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GFG5’s earliest lineage traces back to William Guthrie & Eleanor Harris Abbott, frequently (and erroneously) linked to another group. For a time, it was considered that William Guthrie might be the result of a Causal Event. New evidence suggests that might not be the case. Instead, they may have a connection to the Guthries of Carteret County, NC. More genetic testing of lineages from that area is required for confirmation.

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GFG6 is likely a very old Guthrie family. This group has the most genetic diversity within its own matches suggesting that the most recent common ancestor is very distant. Related lineages are found in Scotland, Northern Ireland, Canada & the USA: DE, NY, PA, VA.

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GFG7 is one of our smaller groups consisting of one American and one Australian line. The most recent common ancestor likely lived in Scotland, possibly in Ayrshire.

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GFG8 is likely of Irish origin resulting from a Causal Event with a man of the Vaughan or Roddy/Ruddy surname. The earliest Guthrie lineage for this group is that of Thomas Guthrie & Mary Cason of Halifax County, Virginia, indicating the historical Guthrie line for this family probably originated in Ireland.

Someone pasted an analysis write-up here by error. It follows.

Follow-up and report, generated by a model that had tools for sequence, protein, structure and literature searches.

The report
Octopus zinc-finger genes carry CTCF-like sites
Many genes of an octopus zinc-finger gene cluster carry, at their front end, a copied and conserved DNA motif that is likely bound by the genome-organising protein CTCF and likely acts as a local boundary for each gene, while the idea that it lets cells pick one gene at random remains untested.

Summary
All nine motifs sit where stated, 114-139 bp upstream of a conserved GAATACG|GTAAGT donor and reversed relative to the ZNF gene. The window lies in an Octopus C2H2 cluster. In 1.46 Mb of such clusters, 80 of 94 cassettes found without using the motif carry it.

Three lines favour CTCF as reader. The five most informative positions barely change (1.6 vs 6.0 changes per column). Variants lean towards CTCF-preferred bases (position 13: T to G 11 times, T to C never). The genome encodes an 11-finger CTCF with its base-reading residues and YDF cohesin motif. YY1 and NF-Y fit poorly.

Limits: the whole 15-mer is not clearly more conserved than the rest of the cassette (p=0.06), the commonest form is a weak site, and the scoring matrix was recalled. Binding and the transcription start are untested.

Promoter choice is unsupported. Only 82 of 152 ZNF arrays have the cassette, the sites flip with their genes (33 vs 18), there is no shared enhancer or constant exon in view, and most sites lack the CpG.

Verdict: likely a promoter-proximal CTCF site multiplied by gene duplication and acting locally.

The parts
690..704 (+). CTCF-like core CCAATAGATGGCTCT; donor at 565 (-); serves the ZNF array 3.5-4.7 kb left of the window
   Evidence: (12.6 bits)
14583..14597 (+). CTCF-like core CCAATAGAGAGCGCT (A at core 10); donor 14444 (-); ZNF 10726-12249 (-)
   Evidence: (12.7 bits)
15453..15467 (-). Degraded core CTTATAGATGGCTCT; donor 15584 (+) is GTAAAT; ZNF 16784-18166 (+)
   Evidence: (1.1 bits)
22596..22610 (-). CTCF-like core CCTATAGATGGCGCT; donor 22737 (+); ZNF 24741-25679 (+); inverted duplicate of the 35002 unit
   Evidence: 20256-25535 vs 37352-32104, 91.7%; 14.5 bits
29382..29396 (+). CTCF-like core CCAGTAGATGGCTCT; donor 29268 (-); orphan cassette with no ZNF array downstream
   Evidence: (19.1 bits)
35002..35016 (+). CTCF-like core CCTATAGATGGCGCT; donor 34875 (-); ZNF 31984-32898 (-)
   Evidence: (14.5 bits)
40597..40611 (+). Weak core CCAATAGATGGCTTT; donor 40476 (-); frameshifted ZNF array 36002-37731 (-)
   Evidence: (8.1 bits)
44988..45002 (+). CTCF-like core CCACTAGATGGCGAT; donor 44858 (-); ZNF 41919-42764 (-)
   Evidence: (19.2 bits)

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GFG9 consists of only one family lineage from the Orkney Islands in Scotland. Common surname matches are to Green and Padgett, however there are only 2 participants in the group at this time. More participation is needed to determine if the results affect only part of the line or all of it.

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GFG10 results from a known adoption into the Guthrie family of Bull’s Gap in Eastern Tennessee. Andrew S Guthrie & Isabella Rader’s descendants belong to this group. Surname matches at the Y67 level are Cameron and Perry.

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GFG11 includes descendants of George Guthery and Mary Young, and other lineages likely to branch from their direct line. Men from this group match the Ballew/Ballou surname indicating a Causal Event probably in the early to mid 1700s.

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GFG12 is another small group of two lineages. One originated in Scotland immigrating to Indiana, while the other came to Ohio by way of Ireland. Chances are that the common ancestor is back in Scotland. The majority of surname matches for these two men is Benbow making this a likely Causal Event from the early to mid 1700s.